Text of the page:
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direct mail and nonprofit appeals – a perfect union! (part 1)

Direct mail marketing is a vital component to any nonprofit organization’s marketing strategy. While email and social media are essential to the mix, donations made as a result of receiving direct mail marketing – yes, we mean postal mail! – still far surpasses donations made as a result from appealing through other channels.  Why you ask?  Here’s some insight:

  • direct mail provides the prospect with something tangible. According to a survey conducted by Millward Brown, “physical media”, or media that an individual can “touch and feel ignites more emotion than those of the digital variety and leaves a deeper footprint on the brain”.  Most interestingly, this phenomenon spans across all age groups.
  • direct mail provides highly targeted data for prospects, allowing you to deliver your appeal straight into the hands of your target audience.
  • direct mail is viewed as more trustworthy. For a nonprofit to qualify for special postal rates they must meet rigorous standards and be verified with the USPS, unlike standards for many digital campaigns.

We could provide more reasons why direct mail works for nonprofit appeals, but here’s an antidote that really brings the point home.  The American Cancer Society decided in January of a fiscal year to stop doing direct mail appeals.  In the first year, their new donors dropped by 11% along with an accompanying revenue number of $11.3 million.  ACS relaunched their direct mail appeal program in June of the following year.

Now that we’ve verified what many of us who work in the nonprofit sector already know, let’s get down to how to develop a direct mail campaign that will maximize your result while keeping your budget lean.  It takes some planning and expertise, so to help you here is part one of a two-part series providing some essential tips. We have broken it down to six key components that we identify as making up the process, all of which can be tailored specifically to your mission and audience in order to create a maximum-impact direct mail campaign. We could get kitschy and call these components “MMGMFC” for short, but that sounds terrible. So here they are in an “acronym-less” form.

mailing list

Direct mail can be targeted much more narrowly and directly while still allowing broad coverage, so you want to exploit this to the fullest:

  • profile your donor base periodically to determine both any changes that have taken place and what your new prospects should look like.
  • target your new prospects based upon the attributes that make up your donor profile like location, presence of children, income, giving pattern, or giving preferences.
  • segment your list into active donors, lapsed donors and prospects. Each of these segments require a different approach.
  • break your major segments down again into smaller similar groups by, for example, age and special interests.

Your mailing list is your audience, and knowing your audience allows you to be extremely customized and develop a more emotional connection with donors and prospects – which is at the heart of giving.  With variable digital four-color process becoming so accessible, it is easy to tailor your message and graphics to each subsegment to get their attention, stimulate engagement and inspire a donation.  More on how to do this in the next two sections!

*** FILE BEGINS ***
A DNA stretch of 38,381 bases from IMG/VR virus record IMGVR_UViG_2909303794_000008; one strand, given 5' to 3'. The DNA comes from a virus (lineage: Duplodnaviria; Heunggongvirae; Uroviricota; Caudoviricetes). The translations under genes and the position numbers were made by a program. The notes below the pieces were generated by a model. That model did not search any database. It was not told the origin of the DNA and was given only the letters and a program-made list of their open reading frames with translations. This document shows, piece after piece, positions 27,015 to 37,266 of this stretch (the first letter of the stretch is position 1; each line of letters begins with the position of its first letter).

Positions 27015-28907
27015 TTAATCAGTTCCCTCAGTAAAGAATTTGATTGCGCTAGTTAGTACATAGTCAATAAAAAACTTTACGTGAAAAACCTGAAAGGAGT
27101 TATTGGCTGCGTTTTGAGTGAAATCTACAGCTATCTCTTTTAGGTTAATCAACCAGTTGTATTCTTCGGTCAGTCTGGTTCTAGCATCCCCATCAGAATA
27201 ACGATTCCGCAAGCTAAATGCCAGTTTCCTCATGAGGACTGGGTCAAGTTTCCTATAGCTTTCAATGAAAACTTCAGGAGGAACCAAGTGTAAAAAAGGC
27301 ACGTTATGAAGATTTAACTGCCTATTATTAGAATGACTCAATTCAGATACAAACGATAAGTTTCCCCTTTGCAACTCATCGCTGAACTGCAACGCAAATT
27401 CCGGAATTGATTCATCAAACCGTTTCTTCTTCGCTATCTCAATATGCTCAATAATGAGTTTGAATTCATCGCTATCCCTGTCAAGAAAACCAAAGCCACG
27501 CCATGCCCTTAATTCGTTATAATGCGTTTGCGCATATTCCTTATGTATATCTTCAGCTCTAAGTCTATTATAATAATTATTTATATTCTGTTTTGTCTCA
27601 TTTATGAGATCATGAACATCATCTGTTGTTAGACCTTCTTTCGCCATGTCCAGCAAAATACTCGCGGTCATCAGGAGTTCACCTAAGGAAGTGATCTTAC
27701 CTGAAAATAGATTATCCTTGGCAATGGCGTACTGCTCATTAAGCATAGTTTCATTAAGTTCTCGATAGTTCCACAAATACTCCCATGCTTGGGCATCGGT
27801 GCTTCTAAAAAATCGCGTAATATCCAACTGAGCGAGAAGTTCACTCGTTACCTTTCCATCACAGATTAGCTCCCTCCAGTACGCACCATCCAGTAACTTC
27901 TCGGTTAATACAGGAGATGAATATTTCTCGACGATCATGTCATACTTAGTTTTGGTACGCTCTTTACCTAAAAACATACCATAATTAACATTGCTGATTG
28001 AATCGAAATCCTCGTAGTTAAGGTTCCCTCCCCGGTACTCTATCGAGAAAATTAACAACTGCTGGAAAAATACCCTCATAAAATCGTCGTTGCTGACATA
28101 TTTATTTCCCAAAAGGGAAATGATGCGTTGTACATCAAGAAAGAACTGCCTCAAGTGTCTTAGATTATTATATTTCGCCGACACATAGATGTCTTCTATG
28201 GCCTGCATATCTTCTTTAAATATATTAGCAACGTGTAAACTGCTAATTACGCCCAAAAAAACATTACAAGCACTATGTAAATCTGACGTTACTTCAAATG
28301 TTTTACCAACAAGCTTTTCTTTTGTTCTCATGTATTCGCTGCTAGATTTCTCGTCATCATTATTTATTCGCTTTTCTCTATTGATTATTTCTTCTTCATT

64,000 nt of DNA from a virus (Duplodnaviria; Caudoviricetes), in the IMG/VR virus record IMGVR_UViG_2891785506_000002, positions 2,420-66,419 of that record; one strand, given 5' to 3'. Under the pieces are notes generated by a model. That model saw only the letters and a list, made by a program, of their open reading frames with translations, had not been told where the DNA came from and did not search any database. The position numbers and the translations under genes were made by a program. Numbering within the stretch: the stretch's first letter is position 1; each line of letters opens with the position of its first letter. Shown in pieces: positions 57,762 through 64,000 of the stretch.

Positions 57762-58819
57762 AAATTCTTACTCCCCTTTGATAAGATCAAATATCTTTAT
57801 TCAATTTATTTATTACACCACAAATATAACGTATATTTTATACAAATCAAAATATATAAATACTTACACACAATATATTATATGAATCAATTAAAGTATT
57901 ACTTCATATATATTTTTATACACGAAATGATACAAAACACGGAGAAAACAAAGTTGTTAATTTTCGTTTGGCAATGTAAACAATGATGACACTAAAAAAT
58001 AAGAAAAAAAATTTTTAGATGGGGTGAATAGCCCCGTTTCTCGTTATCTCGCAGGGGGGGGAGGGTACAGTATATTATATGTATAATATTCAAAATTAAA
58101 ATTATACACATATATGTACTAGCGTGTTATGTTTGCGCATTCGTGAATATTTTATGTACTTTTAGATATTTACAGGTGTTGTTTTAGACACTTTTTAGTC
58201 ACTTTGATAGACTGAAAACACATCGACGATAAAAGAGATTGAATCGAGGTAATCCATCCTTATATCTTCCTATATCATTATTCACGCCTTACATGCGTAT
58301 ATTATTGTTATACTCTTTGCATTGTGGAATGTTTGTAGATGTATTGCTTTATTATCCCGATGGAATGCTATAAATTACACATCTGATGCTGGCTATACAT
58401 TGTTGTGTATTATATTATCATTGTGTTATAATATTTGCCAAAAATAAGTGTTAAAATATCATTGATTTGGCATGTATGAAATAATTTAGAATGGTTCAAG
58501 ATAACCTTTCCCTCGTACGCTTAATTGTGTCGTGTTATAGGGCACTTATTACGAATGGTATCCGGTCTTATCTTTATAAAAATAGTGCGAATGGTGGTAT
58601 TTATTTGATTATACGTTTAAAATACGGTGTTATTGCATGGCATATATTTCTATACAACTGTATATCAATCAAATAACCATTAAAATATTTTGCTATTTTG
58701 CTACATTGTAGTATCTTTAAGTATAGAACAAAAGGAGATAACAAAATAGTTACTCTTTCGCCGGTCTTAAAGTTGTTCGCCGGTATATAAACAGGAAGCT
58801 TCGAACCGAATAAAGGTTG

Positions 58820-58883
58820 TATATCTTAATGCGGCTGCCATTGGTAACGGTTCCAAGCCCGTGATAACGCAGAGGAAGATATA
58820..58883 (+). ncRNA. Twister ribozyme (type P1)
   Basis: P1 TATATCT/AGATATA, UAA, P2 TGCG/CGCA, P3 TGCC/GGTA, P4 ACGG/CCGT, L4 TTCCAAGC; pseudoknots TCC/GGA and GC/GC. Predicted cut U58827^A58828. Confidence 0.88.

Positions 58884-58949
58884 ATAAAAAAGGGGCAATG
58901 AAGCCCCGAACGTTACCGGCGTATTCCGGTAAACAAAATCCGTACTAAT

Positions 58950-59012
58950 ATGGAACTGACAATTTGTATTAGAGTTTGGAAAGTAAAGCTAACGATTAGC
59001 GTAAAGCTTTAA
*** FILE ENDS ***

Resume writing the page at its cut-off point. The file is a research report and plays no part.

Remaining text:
The message creates your make-or-break moment with your donors and prospects. Even if all other steps are done perfectly, bad content will never inspire giving. Here are key components to consider when crafting your message:

  • who you are speaking to
  1. here’s where those subsegments are key! For example, a donor vs. a prospect or lapsed donor, or a single millennial vs. a retired veteran all require a different message.  You get the picture!
  2. avoid technical language that those outside of your organization wouldn’t understand.
  3. remember, it is about the donor! The word “you” cannot be overused, because the point of your message is how important your donor or prospect is to your mission, and what an impact they can have.
  • how your audience reads – with the amount of information coming at us every day, most people skim mail and ads rather than read them. Keep your appeal skim easy by keeping it concise, using bullets instead of paragraphs and underlining key points.
  • what story is important – a success story of how a donation can impact lives in your community is key – it is what brings your mission home to your audience. Tell your story in a conversational tone, and with each segment consider the attributes that makes it different and select a story that would most appeal to them.
  • why they give – because you ask! Seems simple, but bottom line – you can’t ask too many times.  Also detail how to make a donation and provide alternate methods (check, credit card, by mail, on line, etc.) so it is easy to move forward and give.

Come back next week for more tips on successful nonprofit fundraising using direct mail campaigns!

Happy Fundraising!

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